Paul May co-founded BuzzStream, a CRM for link building and PR/social media that allows online marketers to manage relationships and be more effective in getting results, be they links or press. He gave me the following two-part interview about the software creation and startup process.
If you’ve ever been solicited to SEO a startup with a unique new product, you know that the project is futile or almost. The search volume doesn’t exist because the market doesn’t yet know to search for the product! So I was pretty curious how BuzzStream answered that problem. As someone looking to create a startup, it was also insightful hearing about their hiring priorities.
You can find part 2 of the interview on my blog, where we discuss their usability testing and Twitter auto-integration.
What was the need you identified when you first started BuzzStream?
The original idea came out of a problem that my co-founder, Jeremy Bencken, had when he was building his last company.
He built a very successful apartment hunting site called ApartmentRatings.com and all of his traffic came via organic search (mostly through long-tail, geographic terms). After selling the business in 2007 and thinking about what problems he faced that were both the most challenging and built the core value of the business, he honed in on content promotion.
His team knew that building rankings was a function of attracting links, and content promotion was by far the most effective way they’d found to do this. But they needed a high volume of quality links to move the needle, and their outreach efforts had to be highly relevant and personalized. So the challenge was scaling content promotion efforts without sacrificing personalized, relationship-based outreach.
After trying spreadsheets and various general CRMs, Jeremy realized a glaring need in the market for specialized tools, which led to the initial idea for BuzzStream.
From there, we spent four months talking to customers to validate the need for these tools, and we came to the conclusion that this problem was actually part of a bigger trend developing in the market.
We believed that SEOs were going to need to focus more on quality links, which required more relationship-building and personalized engagement, and PR pros and social media marketers were going to need to focus more on scale (because media was being replaced by social media).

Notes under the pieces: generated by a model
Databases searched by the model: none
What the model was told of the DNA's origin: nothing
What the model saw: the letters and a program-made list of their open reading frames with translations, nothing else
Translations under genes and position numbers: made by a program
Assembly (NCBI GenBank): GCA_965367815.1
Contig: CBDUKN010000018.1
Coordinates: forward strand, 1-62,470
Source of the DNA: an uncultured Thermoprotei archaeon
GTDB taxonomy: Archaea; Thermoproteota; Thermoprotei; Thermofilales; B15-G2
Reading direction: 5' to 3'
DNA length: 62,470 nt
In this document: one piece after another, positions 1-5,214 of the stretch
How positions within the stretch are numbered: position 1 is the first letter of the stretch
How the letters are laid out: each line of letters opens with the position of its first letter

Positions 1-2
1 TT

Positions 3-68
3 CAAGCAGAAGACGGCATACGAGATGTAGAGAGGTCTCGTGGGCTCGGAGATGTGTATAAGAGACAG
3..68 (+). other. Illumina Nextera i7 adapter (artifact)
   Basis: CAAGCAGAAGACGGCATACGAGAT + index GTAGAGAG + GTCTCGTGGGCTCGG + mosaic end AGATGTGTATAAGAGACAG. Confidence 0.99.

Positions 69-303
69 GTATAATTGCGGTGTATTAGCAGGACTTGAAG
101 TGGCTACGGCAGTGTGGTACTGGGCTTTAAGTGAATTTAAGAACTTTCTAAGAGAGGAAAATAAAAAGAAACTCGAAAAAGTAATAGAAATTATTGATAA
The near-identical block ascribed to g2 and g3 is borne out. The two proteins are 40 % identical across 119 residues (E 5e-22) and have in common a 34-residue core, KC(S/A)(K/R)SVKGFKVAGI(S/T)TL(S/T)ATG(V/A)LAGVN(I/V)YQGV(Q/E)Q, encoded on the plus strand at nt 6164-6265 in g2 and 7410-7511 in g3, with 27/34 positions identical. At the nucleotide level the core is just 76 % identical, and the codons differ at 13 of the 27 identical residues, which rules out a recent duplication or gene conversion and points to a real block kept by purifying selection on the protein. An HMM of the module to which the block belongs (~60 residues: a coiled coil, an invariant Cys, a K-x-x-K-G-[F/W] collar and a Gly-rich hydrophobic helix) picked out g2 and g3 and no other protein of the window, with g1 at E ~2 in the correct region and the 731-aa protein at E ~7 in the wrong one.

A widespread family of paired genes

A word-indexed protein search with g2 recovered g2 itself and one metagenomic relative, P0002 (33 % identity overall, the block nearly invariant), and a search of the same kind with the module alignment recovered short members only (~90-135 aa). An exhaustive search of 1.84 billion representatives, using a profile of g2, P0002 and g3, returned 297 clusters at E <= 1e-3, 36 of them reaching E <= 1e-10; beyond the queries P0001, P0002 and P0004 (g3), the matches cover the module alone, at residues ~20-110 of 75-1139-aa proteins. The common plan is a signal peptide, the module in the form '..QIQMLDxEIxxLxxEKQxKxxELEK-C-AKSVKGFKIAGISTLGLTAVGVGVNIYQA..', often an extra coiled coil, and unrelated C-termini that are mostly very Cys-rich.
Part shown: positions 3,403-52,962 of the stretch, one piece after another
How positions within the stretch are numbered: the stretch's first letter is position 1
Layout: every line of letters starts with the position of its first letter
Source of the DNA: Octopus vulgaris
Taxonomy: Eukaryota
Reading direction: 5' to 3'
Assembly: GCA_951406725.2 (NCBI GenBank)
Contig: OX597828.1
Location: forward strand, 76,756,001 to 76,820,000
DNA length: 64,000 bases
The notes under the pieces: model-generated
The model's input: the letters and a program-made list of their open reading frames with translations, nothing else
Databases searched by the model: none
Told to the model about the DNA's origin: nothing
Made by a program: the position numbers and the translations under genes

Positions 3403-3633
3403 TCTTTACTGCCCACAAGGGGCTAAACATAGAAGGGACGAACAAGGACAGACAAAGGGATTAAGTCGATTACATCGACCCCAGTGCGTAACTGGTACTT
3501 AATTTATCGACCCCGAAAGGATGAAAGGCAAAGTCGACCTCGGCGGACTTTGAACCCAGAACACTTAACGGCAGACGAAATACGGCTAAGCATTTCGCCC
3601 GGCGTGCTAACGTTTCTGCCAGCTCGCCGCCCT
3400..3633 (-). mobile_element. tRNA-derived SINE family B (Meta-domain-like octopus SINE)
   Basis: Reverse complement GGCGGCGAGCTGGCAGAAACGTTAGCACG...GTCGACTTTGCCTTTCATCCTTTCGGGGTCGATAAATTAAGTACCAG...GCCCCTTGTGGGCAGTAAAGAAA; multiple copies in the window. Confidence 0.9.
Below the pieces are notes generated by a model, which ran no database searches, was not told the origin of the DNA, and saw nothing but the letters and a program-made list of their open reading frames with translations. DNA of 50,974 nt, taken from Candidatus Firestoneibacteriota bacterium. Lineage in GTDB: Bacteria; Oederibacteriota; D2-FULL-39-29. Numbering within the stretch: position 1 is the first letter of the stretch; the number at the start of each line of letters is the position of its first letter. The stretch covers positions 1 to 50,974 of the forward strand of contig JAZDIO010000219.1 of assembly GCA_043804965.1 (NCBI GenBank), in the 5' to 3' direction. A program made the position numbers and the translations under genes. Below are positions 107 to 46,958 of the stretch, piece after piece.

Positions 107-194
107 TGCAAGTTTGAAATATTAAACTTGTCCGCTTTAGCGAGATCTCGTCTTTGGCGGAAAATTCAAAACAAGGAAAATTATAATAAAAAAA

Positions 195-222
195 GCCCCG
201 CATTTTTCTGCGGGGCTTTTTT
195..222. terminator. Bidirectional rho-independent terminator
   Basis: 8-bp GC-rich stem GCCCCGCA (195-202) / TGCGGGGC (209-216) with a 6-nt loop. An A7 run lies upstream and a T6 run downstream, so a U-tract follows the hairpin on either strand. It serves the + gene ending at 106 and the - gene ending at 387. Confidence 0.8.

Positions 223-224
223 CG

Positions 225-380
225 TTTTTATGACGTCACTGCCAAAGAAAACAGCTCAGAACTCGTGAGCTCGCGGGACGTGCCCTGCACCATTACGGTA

We felt that there was going to result in an increasing amount of overlap in the work required of PR pros, SEOs and social media marketers and, this was going to require tools to help coordinate and control content promotion efforts among teams. So we saw a longer term opportunity there.
How has the vision evolved since then?
The overall vision hasn’t changed, but I would say that the “overlapping roles” trend emerged slower than I expected, but it’s pretty clear that we’re starting to see this now. You’re hearing more people talk about things like content marketing, content promotion, social SEO and SEO PR, which is a sign of this.
The Panda update and the high profile manual penalties (e.g., JC Penney) are contributing to this as well.
What is the greatest challenge you have marketing a first-of-its-nature product?
When you first launch, you have strong beliefs about how people will want to use your product, but there’s no market history to rely on for proof points. So, what tends to happen is that you put the product out there and you get feedback from ten different groups that each have different use cases.
For example, one group may be using the product to coordinate efforts among a team and they really want collaboration features, while another is using the product to keep track of their backlinks and they really want link discovery features. Synthesizing this feedback can be very challenging and has implications for all parts of your business – it impacts messaging, feature prioritization, marketing programs, etc.
What were the first two positions you hired for with BuzzStream? Why those 2?
Our first two full-time hires were both developers. We hired developers for a simple reason…we didn’t feel like the market or our product were far enough along yet, so we didn’t want to focus our spend on sales and marketing yet. We knew we had a lot to build and we felt like nothing was going to impact the company more than product in the early stages.
In hindsight, would you start with those two again?
I think it’s served us well, but I do think we should have been more active in the community early on. I’ve been focused on two things almost exclusively: 1) calls with customers/prospects (to understand customer requirements and for sales purposes), and 2) product management.
This has been a very good thing, but I don’t think we’re as prominent in the community as we should be. I don’t think I’d change the decision if I had the benefit of hindsight, but I might change our development focus to things that required less of my time, so that I could be more focused on conferences, social media engagement, etc.